Consumption levels of just about every food you can imagine can be determined by looking at relatively undisputed government data. For over a century, the U.S. Department of Agriculture (USDA) has tracked the amounts of everything we eat and drink.
The first point to note is that Americans are simply eating a lot more these days. Between 1970 and 2003, USDA research estimates that the average daily caloric intake increased by a staggering 523 calories per person. Theories abound as to the cause of this increase. Regardless of the reason, this fact alone certainly explains part of the problem.
Also troubling is the precise source of those additional 523 calories. Fast food now accounts for a third (34 percent) of the calories Americans consume. And then there’s snacking, which accounts for more than half of the recent calorie increase. The amount we take in at dinner has actually declined. In other words, more Doritos, fewer rutabagas. Or perhaps, more accurately, more doughnuts, less steak.
Which leads to an important first question: Are we really eating more red meat and animal fat than ever?
In a word: no. In fact, the reverse is true. We are eating less of both.
Throughout the course of the 20th century, meat consumption fluctuated. Due to wartime rationing, there was a dip in the 1940s. Around 1970 (most likely due to uncharacteristically low prices at the meat counter resulting from overproduction), there was an upward bump of beef eating. But over the course of the century, and especially for the past three decades, the general trend for both red meat and animal fats was downward. Both are notably lower today than they were a century ago.
Specifics are helpful here. (All of the figures for farming and food production and consumption, except where otherwise indicated, are from electronic versions of original U.S. Department of Agriculture records, which I have personally examined.) While Americans ate 71 pounds of beef per person per year in 1905, they ate 60 in 2010. In those same years, veal consumption went from 7 pounds per person to just 0.4 pound. Lamb consumption went down from 6 pounds to just 1. And pork consumption went from 62 pounds to 48. In a similar pattern, egg consumption went from 284 per person to 243. All significantly down. Stated another way, compared with a century ago, we are now eating 11 pounds less beef per year, 6.5 pounds less veal, 5 pounds less lamb, 14 pounds less pork, and 41 fewer eggs. These are hardly the statistics of a nation that has increased its animal fat and red meat consumption.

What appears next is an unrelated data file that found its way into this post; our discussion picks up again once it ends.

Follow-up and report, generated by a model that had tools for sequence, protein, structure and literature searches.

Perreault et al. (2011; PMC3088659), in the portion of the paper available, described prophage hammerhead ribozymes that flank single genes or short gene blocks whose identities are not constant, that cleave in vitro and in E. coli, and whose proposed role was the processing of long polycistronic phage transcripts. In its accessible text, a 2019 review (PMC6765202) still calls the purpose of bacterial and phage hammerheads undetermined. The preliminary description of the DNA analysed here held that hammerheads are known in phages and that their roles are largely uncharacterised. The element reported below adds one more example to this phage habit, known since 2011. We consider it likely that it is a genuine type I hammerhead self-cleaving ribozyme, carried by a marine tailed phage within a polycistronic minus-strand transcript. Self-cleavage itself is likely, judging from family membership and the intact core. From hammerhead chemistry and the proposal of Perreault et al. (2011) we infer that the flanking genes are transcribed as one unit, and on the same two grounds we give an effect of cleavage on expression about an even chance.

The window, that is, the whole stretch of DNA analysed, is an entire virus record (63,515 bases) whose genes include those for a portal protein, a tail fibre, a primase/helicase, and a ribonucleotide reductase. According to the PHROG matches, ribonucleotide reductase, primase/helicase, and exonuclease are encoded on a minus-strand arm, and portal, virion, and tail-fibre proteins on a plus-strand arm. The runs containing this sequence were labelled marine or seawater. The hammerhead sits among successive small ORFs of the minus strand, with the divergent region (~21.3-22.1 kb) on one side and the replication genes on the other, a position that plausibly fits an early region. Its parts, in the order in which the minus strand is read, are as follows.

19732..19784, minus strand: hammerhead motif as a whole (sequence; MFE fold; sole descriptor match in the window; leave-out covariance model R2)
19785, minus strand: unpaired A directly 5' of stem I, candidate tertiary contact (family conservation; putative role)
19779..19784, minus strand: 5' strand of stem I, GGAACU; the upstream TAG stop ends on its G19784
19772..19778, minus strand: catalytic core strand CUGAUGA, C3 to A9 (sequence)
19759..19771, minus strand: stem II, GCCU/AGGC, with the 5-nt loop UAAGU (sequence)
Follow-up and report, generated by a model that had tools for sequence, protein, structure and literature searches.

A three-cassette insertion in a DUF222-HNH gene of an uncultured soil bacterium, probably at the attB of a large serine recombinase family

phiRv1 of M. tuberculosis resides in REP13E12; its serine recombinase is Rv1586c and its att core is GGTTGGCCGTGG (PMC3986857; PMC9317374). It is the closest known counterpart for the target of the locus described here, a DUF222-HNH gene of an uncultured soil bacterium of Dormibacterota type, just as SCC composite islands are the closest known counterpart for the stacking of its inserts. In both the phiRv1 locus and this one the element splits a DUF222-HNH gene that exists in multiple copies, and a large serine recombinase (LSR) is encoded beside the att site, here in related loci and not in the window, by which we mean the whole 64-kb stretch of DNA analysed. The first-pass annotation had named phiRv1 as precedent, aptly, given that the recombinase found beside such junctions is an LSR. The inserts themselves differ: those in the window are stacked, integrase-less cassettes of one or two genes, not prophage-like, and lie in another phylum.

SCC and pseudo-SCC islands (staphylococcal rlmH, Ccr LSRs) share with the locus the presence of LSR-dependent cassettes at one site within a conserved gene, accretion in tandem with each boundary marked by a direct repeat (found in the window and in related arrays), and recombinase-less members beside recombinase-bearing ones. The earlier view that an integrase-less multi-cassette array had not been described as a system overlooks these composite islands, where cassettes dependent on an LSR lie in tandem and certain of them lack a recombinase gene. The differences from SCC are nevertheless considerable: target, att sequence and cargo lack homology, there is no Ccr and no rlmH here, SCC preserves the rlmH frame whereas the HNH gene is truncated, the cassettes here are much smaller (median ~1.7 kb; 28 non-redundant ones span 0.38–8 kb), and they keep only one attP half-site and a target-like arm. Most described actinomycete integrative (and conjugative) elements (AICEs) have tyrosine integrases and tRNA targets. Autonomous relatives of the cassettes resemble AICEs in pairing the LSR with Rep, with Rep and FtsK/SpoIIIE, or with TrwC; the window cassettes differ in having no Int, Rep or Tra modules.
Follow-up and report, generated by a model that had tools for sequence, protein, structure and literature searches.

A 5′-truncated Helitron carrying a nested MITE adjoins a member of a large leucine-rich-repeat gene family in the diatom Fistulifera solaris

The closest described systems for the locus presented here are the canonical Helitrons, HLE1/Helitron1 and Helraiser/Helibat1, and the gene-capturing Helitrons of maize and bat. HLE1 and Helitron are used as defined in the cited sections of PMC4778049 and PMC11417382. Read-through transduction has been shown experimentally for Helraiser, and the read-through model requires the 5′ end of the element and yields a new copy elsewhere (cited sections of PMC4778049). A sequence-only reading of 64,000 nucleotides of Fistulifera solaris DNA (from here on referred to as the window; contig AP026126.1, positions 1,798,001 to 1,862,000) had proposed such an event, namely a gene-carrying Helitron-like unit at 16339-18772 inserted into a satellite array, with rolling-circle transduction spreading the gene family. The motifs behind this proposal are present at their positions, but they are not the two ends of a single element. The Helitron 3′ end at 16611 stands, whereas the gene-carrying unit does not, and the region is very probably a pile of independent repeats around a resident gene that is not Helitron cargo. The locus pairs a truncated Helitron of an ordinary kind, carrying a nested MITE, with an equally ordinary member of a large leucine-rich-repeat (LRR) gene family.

Now let’s look more closely at recent decades. In that time period, red meat consumption went strongly down, especially beef. From 1970 to 2005, beef consumption decreased by 22 percent; pork went down by 3 percent. Overall, red meat consumption decreased by 17 percent.
For foods rich in saturated fats, the trend is even clearer. From 1970 to 2005, butter consumption declined by 15 percent; lard went down by 47 percent; and whole milk consumption plummeted by 73 percent. The only major exception to this pattern was cheese (from pizza and other fast-food consumption), which increased.
The rise in cheese eating, however, was not enough to counteract an overall consistent shift toward less consumption of other animal fats. Mary Enig, a PhD food scientist specializing in fats who authored Know Your Fats, has calculated that over the course of the 20th century Americans’ overall consumption of saturated fats went down by 21 percent.
At this point, we may well wonder how, in the face of these consumption facts, anyone could blame America’s health crisis on animal fats and red meat. Indeed, if we believe in the Keys hypothesis, this data is deeply confounding.
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Adapted from Nicolette Hahn Niman’s Defending Beef (October 2014) and printed with permission from Chelsea Green Publishing.